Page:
Anchored/moored boats often fair better (than those docked) against heavy weather, due to the absence of proximate unyielding obstructions (the docks & pilings to which others are fixed).
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Old 05-11-2006, 04:56   #8
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Steve,

Do the bookings require a non refundable deposit? If not then by all means book some place and perhaps sail to another location of interest first and see how that suits you.

The Lagoon in St Maarten can have a long fetch and this means that it can develop some nasty wave action. I know when the hurricane came through there is was a mess.

I am a bit partial to EH Antigua back in the Dockyard for many reasons. It is small enough and very protected, so much so that several boats are left anchored and tied to the mangroves. There are so many facilities a short dink ride away.. including the police station! EH has many full time live aboards on anchor and I think this provides safety as they tend to be very observant about that is going on about them. The holding is awesome too up in there. You certainly can avoid all the dockage fees and pay someone a reasonable amount to really attend to your boat in your absence... not some guards who are only trying to keep unsavory characters off the docks.

Jolly Harbor is not a fav place of mine.. as I prefer the more historical and extremely beautiful and friendly EH. There is nothing like that place the world over.

Rodney Bay is a friendly place, though I don't know how good the security is there and again the same issues apply about someone checking your lines and bilges no matter where you leave the boat. I do know that there are many young kids that are going out to every boat that anchors in the outer harbor and these kids can be either friendly or aggressive... so take that into account. Here is a good view of EH...

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Old 05-11-2006, 06:58   #9
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You might want to consider hauling and leaving on the hard. Storage is much cheaper. Friends that left their boat in the water in Trinidad (during rainy/hot season) came back to a mold garden inside.

If you decide to haul and want to try Grenada, you might want to think about Grenada Marine in St. David's Bay. It is way out in the countryside. There are no stores, only a boat yard with a bar/restaurant. Friends hauled there and found the prices to be good, the service reasonably good, and the security excellent. I would not recommend it for leaving boat in water, but if you haul, it may be a very good option.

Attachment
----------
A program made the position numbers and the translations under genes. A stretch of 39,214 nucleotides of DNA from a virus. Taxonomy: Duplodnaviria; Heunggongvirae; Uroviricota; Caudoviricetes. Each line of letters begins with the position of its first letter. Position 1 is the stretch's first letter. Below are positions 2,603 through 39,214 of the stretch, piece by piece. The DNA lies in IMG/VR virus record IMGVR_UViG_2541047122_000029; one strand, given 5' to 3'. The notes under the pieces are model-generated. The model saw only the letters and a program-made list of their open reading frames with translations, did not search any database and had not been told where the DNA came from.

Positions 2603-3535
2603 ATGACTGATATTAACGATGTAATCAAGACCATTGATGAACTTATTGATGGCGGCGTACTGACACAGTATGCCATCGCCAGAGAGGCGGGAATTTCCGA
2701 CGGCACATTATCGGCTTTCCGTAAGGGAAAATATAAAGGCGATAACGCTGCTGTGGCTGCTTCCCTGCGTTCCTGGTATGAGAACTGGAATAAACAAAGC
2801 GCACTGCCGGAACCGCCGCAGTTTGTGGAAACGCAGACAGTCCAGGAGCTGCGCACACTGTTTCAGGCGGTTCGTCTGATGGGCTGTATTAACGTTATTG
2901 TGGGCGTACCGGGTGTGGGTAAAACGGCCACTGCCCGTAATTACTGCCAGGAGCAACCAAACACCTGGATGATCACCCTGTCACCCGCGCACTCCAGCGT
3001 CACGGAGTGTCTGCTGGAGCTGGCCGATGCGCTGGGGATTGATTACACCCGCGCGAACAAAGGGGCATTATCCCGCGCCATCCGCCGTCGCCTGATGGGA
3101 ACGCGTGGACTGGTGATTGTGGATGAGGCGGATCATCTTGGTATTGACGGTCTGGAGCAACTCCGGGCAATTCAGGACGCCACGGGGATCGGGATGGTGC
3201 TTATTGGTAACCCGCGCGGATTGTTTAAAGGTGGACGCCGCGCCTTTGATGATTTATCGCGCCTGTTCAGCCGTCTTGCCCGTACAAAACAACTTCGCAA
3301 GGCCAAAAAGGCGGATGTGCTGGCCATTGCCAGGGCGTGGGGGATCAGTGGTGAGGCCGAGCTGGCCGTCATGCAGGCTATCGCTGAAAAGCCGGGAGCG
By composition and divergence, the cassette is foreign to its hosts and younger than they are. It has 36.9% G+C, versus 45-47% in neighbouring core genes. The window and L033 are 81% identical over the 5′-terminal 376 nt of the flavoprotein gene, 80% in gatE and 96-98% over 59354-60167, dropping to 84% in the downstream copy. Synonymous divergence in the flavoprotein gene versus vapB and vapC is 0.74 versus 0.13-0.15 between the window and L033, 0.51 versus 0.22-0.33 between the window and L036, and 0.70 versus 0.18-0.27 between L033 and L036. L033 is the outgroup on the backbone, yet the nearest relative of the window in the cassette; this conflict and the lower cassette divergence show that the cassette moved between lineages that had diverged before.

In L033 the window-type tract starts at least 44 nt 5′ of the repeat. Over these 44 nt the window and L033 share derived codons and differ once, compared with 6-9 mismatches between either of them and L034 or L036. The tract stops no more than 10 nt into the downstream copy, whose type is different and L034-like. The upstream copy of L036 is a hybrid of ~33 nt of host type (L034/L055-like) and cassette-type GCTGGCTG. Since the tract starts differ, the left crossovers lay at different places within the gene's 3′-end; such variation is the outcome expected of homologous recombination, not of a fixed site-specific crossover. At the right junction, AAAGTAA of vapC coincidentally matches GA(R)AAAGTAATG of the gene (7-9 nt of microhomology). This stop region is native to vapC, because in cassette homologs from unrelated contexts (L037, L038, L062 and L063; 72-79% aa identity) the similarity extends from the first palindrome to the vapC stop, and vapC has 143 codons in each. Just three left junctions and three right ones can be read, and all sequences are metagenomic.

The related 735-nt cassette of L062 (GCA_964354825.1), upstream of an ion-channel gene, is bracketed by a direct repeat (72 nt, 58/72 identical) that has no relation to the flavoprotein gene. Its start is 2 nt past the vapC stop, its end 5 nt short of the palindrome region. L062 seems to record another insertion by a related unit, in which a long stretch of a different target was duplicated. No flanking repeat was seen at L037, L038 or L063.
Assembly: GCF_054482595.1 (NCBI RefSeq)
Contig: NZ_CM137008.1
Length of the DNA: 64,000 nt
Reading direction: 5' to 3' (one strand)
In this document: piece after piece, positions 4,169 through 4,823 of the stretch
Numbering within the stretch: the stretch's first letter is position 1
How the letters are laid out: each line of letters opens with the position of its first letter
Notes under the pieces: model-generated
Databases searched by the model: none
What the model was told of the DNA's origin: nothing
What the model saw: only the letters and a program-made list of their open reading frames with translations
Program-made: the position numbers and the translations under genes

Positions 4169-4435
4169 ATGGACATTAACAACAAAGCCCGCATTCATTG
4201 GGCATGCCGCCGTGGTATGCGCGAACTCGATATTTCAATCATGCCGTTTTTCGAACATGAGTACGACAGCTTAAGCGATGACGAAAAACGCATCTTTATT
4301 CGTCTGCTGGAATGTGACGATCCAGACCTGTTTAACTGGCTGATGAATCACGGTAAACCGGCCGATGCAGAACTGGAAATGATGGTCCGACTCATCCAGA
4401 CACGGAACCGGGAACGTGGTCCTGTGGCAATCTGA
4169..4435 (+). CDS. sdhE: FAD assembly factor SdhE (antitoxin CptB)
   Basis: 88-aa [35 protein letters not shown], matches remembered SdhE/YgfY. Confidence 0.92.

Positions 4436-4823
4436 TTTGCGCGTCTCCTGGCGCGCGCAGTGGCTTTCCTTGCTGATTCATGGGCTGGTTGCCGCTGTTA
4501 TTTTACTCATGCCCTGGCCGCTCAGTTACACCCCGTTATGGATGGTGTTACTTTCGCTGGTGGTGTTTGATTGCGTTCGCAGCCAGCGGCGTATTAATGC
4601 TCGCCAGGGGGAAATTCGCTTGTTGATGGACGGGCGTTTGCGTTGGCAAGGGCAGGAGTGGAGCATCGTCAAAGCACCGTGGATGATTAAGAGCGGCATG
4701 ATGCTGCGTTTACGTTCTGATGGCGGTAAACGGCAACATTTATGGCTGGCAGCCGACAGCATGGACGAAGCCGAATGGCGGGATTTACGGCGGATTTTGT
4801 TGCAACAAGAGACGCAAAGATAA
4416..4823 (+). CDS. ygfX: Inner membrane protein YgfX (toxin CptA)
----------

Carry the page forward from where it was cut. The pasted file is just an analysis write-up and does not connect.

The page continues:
Jim on "Chez Freddy" currently at St. David's Bay
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Old 05-11-2006, 07:38   #10
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I agree with the haul-out option - and you can then do a bottom paint, through-hull and zinc check when you return to put her back in the water.

I do Guardiennage services in Tortola, BVI and subject to availability of dock, can offer this at US$500/month. Tony
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Old 12-11-2006, 08:43   #11
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My two cents worth, having left my boat for 3-4 mos at a time many, many times up and down the Caribbean:

Leaving on the hook is safer than in a marina, as well as far cheaper. Marinas are easy pickings for low-lifes; you have to be more organized to steal from a boat afloat. I've never had any problems with theft at anchor. I lock up the obvious things (dinghy and outboard). I've always had someone there look after her; either a liveaboard I've made friends with and trust, or a professional caretaker company.

The two you mention plus Rodney Bay are the most typical destinations for Atlantic crossers. (Off topic hint: If you ever want to see Barbados, do it as your first stop because it is hard to get to from the Windwards.)

My favorite places to leave a boat have been the south coast of Grenada and Simpson's Lagoon on Sint Maarten. Both are perfectly safe and secure.

Simpson's Lagoon: it's not hurricane season, and I've spent months afloat there while refitting and never seen any conditions I worried about. Anchor just over the line on the French side up near the Witches Tit. Keep to the French side or the Dutch will try to make you pay a fee for anchoring. Buddy up to some of the hundreds of liveaboards in the Lagoon and you'll soon find someone to caretake your boat.

It is definitely the #1 place in the Caribbean for kit. You can't beat the prices or selection at Budget Marine and Island Water World, not even in the States. If you need any professional repair work, FKG rigging is pricey but very competent, and Maintec, next door, can't be beat for friendly, competent wood or glass work (tell Roger I said Hi). It is easy to fly from there to anywhere, and there are no customs fees.

Grenada: I prefer Hog Island and have spent two hurricane seasons on the hook there, however for boat-watching go next door to Mount Hartman Bay. There is an excellent husband-and-wife team there who will watch your boat, air it out each week, check the hawse, etc: contact Mark Sutton at islandreams@caribsurf.com. They did a great job for us.

If you really want a marina, check out Clarkes Court Bay. They are very out-of-the-way and safe, and when I was last there there were liveaboards on the docks who made sure it was very secure.
http://www.clarkescourtbaymarina.com/